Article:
Market Wrap-Up for Feb.22 (GRMN, INTU, GCI, CHK, TJX, NOK, RSH, more)

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The market remained tentative around the Dow 13K levels today, while oil prices and Middle East tensions continue to provide investors with plenty to worry about.

Earnings results helped lift names like Garmin ( GRMN ) and Intuit ( INTU ) ( read more here ) today. On the flipside, TJX Companies ( TJX ) ( report here ) and Chesapeake Energy ( CHK ) ( read more ) ended lower following their earnings announcements. TJX did raise their dividend payout, but still yields less than 1.40%.

Gannett Boosts Dividend 120%

Speaking of dividends, Gannett ( GCI ) made some big waves in a conference call this morning. The company's board authorized a massive 120% dividend hike. GCI's quarterly dividend now goes from 8 cents to 20 cents, bringing the stock's yield up toward the 5% levels. Predictably, the shares are moving higher on the announcement.

As much as we like the new dividend yield, our main concern is the company's business. The traditional publishing space has been brutal for several years now, and shows no signs of recovering. Plus, Gannett shares sold off back in January following their most recent earnings announcement, which is another worry for us.

Just take a look at stocks like Nokia ( NOK ), Radio Shack ( RSH ), and other "value" names where the fundamental business has been hurt badly. The high dividend yields of those stocks have failed to keep shares from falling. Furthermore, let's not forget the unfortunate case of The Tribune Company. That newspaper giant, little more than 18 months after being bought by billionaire investor Sam Zell, filed for bankruptcy in 2008. And another Gannett competitor, The New York Times, has seen its own share of troubles. NYT shares have plunged more than 72% in the past five years.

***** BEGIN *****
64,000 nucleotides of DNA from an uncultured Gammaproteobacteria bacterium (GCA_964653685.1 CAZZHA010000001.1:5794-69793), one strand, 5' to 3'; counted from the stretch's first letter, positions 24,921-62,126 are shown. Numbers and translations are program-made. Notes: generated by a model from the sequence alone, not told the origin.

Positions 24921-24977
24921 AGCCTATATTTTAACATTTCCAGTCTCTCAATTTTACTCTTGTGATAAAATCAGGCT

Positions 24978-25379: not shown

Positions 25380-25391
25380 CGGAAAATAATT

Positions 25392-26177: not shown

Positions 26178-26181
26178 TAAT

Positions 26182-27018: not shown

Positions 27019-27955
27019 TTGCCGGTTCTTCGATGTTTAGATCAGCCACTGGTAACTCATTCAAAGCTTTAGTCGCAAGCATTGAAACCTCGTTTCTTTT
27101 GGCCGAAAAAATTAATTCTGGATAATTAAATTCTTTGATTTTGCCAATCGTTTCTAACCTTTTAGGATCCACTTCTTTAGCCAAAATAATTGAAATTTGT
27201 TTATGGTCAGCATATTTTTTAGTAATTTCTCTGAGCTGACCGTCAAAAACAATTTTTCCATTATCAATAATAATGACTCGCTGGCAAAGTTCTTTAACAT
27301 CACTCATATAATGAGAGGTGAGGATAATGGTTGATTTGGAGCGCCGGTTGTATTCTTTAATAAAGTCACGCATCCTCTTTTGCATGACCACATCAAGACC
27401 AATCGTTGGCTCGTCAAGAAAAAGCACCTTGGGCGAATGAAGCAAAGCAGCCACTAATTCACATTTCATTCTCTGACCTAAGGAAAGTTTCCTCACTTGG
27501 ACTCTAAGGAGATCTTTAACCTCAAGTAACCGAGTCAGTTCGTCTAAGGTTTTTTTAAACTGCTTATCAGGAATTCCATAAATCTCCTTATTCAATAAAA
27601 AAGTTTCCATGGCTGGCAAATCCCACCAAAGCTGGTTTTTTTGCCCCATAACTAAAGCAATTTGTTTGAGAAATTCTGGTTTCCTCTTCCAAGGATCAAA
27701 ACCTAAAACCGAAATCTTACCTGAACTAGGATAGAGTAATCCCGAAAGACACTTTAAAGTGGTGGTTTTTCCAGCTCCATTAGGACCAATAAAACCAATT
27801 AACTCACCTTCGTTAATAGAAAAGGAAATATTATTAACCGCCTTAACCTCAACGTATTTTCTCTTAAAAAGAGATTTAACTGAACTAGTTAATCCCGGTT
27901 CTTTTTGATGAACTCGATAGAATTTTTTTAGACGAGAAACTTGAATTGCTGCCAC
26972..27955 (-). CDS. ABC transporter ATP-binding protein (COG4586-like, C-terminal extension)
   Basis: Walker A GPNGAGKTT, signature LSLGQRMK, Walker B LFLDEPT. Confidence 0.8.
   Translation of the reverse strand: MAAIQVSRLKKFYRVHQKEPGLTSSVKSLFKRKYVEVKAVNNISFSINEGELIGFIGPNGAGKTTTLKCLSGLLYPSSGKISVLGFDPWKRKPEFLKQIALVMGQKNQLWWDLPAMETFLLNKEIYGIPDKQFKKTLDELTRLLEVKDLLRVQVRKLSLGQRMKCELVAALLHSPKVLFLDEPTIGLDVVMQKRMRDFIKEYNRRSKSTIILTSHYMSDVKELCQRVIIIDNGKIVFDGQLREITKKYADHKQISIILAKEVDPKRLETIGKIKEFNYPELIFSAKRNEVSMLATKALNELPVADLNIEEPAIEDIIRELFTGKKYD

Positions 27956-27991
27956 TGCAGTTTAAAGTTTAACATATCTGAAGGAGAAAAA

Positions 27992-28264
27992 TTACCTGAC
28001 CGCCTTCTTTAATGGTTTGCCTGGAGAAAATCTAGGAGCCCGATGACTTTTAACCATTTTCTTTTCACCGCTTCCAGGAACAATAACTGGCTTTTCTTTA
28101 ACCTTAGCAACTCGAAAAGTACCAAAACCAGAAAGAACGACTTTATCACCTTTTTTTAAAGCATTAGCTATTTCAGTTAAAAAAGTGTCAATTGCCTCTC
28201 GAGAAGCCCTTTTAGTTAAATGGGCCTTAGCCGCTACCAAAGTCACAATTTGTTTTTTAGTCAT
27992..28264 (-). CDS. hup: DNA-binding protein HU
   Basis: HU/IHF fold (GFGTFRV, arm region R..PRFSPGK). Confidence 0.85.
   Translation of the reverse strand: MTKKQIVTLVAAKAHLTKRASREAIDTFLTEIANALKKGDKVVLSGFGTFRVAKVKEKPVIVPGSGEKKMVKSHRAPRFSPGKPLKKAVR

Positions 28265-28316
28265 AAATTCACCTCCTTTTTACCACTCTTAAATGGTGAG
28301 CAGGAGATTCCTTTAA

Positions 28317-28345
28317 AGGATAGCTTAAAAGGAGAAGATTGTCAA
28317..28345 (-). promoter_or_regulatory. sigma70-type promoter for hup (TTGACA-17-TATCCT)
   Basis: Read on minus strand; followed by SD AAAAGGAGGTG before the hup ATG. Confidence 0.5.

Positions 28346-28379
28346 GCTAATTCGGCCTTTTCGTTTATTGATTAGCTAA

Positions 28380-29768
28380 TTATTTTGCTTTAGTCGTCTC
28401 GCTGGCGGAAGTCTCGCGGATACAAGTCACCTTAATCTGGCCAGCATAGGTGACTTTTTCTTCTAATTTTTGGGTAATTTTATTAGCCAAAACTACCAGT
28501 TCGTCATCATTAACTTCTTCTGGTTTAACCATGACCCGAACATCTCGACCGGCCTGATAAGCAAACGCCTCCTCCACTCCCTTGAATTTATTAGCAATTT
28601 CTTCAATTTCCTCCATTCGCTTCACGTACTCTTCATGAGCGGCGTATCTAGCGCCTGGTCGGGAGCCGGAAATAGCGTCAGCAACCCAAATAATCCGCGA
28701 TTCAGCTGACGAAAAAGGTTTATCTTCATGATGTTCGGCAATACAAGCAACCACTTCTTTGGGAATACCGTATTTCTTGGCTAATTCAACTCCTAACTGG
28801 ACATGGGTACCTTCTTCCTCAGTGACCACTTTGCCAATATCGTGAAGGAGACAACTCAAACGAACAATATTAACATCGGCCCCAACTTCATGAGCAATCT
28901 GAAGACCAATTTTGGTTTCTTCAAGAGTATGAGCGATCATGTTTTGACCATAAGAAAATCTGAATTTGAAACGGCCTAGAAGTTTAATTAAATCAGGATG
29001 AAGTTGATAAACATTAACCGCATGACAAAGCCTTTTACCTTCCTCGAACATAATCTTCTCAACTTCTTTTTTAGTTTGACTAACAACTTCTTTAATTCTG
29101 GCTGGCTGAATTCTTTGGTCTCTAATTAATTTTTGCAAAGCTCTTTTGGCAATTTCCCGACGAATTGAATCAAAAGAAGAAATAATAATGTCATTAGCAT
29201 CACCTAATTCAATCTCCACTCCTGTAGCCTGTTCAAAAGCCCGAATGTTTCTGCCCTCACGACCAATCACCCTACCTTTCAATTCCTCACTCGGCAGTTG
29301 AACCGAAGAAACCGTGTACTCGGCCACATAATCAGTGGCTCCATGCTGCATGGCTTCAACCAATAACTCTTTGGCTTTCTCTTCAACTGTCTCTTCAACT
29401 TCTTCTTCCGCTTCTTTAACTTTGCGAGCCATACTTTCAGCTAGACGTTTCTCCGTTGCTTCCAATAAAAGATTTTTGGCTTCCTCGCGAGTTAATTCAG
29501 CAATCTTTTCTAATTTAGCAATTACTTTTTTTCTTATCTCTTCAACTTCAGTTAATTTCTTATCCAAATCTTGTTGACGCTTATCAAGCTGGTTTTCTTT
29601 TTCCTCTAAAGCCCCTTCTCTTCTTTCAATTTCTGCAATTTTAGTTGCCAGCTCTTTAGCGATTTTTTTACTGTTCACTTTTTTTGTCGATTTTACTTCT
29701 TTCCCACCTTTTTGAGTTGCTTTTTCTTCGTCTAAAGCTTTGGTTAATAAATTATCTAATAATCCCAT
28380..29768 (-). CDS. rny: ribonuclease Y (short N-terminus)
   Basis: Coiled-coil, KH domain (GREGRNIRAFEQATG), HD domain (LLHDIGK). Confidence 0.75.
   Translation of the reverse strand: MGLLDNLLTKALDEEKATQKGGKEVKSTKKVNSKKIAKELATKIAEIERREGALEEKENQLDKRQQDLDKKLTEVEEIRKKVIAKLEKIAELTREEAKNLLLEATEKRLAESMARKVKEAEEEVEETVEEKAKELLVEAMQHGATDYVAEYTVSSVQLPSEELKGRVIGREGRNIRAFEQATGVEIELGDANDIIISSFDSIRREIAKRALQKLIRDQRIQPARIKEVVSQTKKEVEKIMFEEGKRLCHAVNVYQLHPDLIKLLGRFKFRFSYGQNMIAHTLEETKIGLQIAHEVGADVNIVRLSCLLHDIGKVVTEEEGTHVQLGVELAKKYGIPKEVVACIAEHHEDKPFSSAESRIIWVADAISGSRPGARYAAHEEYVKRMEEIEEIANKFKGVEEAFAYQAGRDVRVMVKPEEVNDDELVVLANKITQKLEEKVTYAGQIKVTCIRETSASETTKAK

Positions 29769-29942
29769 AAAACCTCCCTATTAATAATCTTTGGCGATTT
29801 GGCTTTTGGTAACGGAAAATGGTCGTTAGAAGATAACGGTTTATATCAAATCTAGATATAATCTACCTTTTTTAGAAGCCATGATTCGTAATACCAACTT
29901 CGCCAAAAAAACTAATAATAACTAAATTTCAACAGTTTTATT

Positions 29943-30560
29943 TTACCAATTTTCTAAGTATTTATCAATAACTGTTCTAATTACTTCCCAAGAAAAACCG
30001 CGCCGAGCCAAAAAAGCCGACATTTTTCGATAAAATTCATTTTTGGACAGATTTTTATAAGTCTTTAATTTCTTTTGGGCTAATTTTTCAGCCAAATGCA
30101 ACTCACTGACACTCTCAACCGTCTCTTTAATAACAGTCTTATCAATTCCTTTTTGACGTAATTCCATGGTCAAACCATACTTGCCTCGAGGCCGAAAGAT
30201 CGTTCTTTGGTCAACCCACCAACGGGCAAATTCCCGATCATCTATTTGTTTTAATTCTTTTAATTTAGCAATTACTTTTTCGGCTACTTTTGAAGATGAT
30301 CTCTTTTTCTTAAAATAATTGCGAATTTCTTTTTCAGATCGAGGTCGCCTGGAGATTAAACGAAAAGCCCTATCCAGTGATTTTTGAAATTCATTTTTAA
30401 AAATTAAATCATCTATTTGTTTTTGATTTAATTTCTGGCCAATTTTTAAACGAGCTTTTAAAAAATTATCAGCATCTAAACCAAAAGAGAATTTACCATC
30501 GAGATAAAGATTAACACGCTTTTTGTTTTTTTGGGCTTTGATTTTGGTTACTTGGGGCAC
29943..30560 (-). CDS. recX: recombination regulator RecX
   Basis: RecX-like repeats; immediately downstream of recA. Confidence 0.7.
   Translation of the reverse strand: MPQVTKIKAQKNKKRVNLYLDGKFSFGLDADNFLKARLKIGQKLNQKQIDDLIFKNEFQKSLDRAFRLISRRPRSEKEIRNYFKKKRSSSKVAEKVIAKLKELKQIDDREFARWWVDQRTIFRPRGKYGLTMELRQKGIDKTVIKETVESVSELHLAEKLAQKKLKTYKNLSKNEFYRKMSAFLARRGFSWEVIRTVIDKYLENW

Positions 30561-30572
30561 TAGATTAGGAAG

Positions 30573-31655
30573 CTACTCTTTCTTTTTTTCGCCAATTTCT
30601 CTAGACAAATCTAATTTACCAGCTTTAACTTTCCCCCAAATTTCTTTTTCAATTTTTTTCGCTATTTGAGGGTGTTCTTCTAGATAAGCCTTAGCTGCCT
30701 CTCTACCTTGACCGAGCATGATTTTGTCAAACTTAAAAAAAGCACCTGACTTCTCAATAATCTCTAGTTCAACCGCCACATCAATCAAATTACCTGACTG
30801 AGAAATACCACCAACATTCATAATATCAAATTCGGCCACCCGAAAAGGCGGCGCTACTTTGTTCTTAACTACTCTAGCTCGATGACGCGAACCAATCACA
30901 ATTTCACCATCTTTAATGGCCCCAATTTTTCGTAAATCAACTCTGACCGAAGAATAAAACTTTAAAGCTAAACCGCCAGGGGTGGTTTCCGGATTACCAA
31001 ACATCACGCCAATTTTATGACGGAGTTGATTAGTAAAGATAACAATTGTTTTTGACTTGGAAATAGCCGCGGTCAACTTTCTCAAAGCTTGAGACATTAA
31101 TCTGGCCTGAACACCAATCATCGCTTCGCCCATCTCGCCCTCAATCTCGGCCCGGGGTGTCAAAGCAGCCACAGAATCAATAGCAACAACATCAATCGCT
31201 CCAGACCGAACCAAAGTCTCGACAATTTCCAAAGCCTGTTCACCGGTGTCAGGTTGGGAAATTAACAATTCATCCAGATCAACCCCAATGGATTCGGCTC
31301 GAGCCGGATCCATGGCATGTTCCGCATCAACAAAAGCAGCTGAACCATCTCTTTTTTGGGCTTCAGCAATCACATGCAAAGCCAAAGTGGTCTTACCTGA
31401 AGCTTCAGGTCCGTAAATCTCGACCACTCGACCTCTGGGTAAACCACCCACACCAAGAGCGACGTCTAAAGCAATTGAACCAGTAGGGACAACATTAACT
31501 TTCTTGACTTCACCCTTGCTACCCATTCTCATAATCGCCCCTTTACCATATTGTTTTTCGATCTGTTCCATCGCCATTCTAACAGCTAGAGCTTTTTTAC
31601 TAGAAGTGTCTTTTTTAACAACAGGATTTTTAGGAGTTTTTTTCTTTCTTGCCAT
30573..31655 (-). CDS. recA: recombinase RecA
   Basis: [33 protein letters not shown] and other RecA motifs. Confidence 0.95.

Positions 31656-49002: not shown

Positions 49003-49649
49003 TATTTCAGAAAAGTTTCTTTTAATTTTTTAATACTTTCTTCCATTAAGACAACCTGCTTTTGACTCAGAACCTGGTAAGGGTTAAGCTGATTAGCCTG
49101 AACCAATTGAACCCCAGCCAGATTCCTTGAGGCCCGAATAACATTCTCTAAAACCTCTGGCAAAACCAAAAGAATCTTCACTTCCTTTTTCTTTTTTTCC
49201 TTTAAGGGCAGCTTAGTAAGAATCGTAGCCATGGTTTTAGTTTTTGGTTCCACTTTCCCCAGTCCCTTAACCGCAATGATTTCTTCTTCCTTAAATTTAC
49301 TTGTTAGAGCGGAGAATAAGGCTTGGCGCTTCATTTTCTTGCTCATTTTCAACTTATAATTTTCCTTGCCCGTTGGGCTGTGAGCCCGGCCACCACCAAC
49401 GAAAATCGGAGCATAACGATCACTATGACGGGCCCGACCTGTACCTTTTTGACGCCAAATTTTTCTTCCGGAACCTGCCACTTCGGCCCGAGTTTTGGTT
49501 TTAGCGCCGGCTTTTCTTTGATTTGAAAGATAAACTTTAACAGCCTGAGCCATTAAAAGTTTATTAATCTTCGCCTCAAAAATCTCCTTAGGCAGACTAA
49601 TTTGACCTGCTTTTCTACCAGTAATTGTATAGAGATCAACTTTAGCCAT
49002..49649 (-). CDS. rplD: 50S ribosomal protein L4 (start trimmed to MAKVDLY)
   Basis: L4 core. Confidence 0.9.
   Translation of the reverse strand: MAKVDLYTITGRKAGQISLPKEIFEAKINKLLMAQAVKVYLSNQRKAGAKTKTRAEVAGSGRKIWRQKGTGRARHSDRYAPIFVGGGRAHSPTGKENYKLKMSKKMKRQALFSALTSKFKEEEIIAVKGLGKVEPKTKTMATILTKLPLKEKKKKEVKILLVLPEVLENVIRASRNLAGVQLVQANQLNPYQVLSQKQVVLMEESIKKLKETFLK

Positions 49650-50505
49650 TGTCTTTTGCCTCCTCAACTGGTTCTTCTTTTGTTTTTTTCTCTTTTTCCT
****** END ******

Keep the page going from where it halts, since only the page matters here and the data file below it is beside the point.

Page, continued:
Now some may argue that Gannett could mimic the performance by Meredith Corp ( MDP ), a broadcasting competitor of GCI that raised its dividend significantly and has seen shares stabilize nicely since. In any case, we bumped up our DARS ratings a bit for GCI (from 2.9 overall to 3.2, but below the 3.5 rating needed to be recommended). We're still concerned about the company's business prospects long term. If the reaction to the most recent quarter is any indication, investors may want to think long and hard if the stock merits a place in their portfolio. The market likes the news today, but beyond that, Gannett's future is far from certain.

Income-Oriented Investors in the Sweet Spot

An article in today's Wall Street Journal looked at how similar the current period of low interest rates is to the economic environment back in the 40′s and 50′s. According to Strategas Research Partners, high-yield dividend stocks offered the best returns for stock investors throughout the 1940s and 1950s. In the 1940s, dividends comprised 74% of the total returns investors earned on stocks, and 40% of returns during the 1950s. That doesn't mean every stock that pays a dividend gets the green light to buy, of course. Our industry-leading Best Dividend Stocks List makes it easy to find what stocks deserve your hard-earning investment dollars.